There is no such animal as an ideal prime minister

I was woken up by the earthquake on Friday morning and decided to stay up in case there was another one. A picture on the wall rattled, a few dogs barked and crows sounded their alarm calls but mercifully it was over quickly.

A good time to write my article I thought as I could not get back to sleep. I wrote down a few ideas and listened to the radio about the travails of Boris Johnson after his pyrrhic victory in his party’s vote of no confidence last week and hit upon the idea of writing about the qualities of political leadership – the ideal prime minister.

The truth is that there is no such animal as an ideal prime minister. There are good and bad prime ministers but an ideal one does not exist.

Niccolo Machiavelli, the Italian political theorist who wrote The Prince, set out some amoral qualities of political leaders borne of his experience in Renaissance Italy but his musings are not relevant to modern representative democracies.

Perhaps Adolf Hitler and Benito Mussolini found The Prince useful but it has nothing to offer modern liberal democracy except, perhaps, the idea that a leader needs to be respected and loved if possible, and if not loved at least respected. What Machiavelli actually said was that “it is better to be feared than loved, if one cannot be both” but the idea that an elected leader gains some sort of advantage by being feared is nonsense in liberal democracies in which leaders need votes to get elected.

Presidents Putin and Erdogan are feared but neither Russia nor Turkiye are liberal democracies – by the way I agree with Erdogan that Turkiye is better than the bird although a country by another name is still the same.

The first qualification of any modern leader is that they must be intelligent. Countries, however, do not need a genius or anyone too heroic as their leader. They need someone capable of making the right judgment calls at the right time for the right reasons, someone who has good judgment about events and people and who knows their own and their country’s strengths as well as their limitations.

The president of Ukraine has been heroic in his resistance of Russia’s invasion but it is questionable whether he made the right call in insisting that Ukraine join Nato, a move that precipitated Russia’s wrath and subsequent invasion; whereas former Chancellor of Germany Angela Merkel has now spoken and said she advised caution on Ukraine joining Nato for fear of how Russia might react. Ukraine and the world would have been in a better place had president Zelenskiy and those who supported him shelved joining Nato for the foreseeable future.

The second qualification is that leaders must be good orators and speak powerfully to the people using meaningful and inspiring words that project ideas and policies with conviction – Abraham Lincoln’s “government of the people by the people for the people” and Winston Churchill’s “we shall never surrender” are both top of the range.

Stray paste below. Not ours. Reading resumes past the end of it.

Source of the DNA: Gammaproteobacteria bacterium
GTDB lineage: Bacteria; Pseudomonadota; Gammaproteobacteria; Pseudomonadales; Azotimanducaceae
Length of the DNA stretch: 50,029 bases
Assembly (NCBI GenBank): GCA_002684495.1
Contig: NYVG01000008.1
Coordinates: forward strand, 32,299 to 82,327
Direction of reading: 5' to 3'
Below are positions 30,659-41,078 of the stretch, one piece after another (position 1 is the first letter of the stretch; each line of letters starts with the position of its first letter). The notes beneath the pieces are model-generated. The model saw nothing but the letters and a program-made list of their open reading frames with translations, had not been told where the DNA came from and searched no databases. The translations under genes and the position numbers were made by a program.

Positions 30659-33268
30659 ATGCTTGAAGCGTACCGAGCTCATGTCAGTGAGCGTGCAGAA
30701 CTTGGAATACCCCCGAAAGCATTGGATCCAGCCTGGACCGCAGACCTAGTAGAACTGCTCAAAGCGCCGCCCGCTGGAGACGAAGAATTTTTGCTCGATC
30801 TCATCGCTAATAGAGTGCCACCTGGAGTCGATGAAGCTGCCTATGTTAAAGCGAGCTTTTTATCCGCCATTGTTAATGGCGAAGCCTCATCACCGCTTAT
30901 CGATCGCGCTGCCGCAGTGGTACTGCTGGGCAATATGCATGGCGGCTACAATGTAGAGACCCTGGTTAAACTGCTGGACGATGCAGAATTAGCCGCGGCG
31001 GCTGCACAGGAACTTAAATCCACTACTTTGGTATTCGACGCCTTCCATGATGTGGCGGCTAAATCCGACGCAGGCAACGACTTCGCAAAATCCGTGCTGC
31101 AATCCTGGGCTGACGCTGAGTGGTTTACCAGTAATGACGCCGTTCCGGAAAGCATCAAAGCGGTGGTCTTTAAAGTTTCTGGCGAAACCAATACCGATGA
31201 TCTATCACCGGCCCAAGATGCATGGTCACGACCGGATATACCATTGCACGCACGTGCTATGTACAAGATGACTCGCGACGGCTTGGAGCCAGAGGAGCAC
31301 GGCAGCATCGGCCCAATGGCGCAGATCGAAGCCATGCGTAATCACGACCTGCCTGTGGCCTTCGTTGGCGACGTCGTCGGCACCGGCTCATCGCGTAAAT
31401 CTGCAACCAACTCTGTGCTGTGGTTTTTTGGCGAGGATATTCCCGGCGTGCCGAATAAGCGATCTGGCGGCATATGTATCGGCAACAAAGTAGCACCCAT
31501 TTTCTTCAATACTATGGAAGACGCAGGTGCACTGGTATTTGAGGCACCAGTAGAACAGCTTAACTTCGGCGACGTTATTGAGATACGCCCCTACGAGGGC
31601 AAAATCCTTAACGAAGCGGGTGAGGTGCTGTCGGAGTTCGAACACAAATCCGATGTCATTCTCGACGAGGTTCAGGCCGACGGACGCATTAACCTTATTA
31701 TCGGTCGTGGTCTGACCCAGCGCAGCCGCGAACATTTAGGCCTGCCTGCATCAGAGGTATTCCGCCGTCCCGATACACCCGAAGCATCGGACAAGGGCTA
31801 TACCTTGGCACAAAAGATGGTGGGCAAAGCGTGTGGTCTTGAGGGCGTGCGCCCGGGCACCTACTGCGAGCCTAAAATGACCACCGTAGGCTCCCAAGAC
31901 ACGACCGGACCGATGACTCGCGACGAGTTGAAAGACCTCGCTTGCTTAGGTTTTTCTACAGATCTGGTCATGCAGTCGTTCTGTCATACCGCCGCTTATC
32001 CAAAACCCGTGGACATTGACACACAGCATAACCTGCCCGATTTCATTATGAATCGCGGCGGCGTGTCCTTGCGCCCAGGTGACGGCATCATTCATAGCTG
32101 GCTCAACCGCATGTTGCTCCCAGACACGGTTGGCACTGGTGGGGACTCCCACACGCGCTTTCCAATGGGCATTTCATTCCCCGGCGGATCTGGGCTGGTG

The final qualification for leaders is honesty. It is in the nature of politics that promises are made and often the realities of government mean they are not kept. Elections are littered with broken promises. If they are well intentioned and honest, broken promises are not lies.

Lies are about facts that happened that are deliberately misrepresented in order to deceive – usually to hide wrongdoing.

In Britain command of parliament by a prime minister and his ministers is crucial and you cannot have command of parliament if you lie to it – hence the convention that you do not lie to parliament and that if you do you resign.

It is the convention that destroyed the career of John Profumo. He was war minister in the Macmillan government in the early 1960s who lied to parliament about his affair with Christine Keeler who was also having an affair with someone suspected of being a Russian spy. Profumo resigned in disgrace and did penance the rest of his life doing charity work in the East End of London.

The deception of parliament by government is toxic. It undermines how accountable government works. It used to be said that Britain is an “elective dictatorship.” The phrase was coined by Lord Hailsham, a former conservative politician and head of the judiciary. By “elective dictatorship” he meant that during the term of any government with a working overall majority, it can do as it pleases, like a dictatorship.

However, government is allowed so much power on the strict understanding that its ministers do not deceive parliament. If no less a figure than the prime minister deceives parliament power will inevitably ebb away.

Had Johnson come to parliament when news broke of social drinking in Downing Street and put his hands up and said that there were occasions when he and members of his staff had parties there during the pandemic when alcohol was consumed, most people in England would have been very angry for a week or two and the news would have moved on and the story would have died.

But lying about it to parliament was not just a lie, it was bad judgment and it made the story invincible precisely because it is a resigning matter for any minister to mislead parliament.

As always with lies, the question was what Boris Johnson knew and when he knew it and once it became clear that he knew that parties were going on at 10 Downing Street before he denied it in parliament he was finished.

Tony Blair also lied to parliament about the threat posed by Saddam Hussein in 2003 but he got away with it because he was said to have “sexed up” a document from the intelligence services rather than that he made it up. He got away with it at the time and even won an election afterwards but it damaged him irreparably.

I doubt Johnson can win the next election, which in the Conservative party means he is toast.

Alper Ali Riza is a queen’s counsel in the UK and a retired part-time judge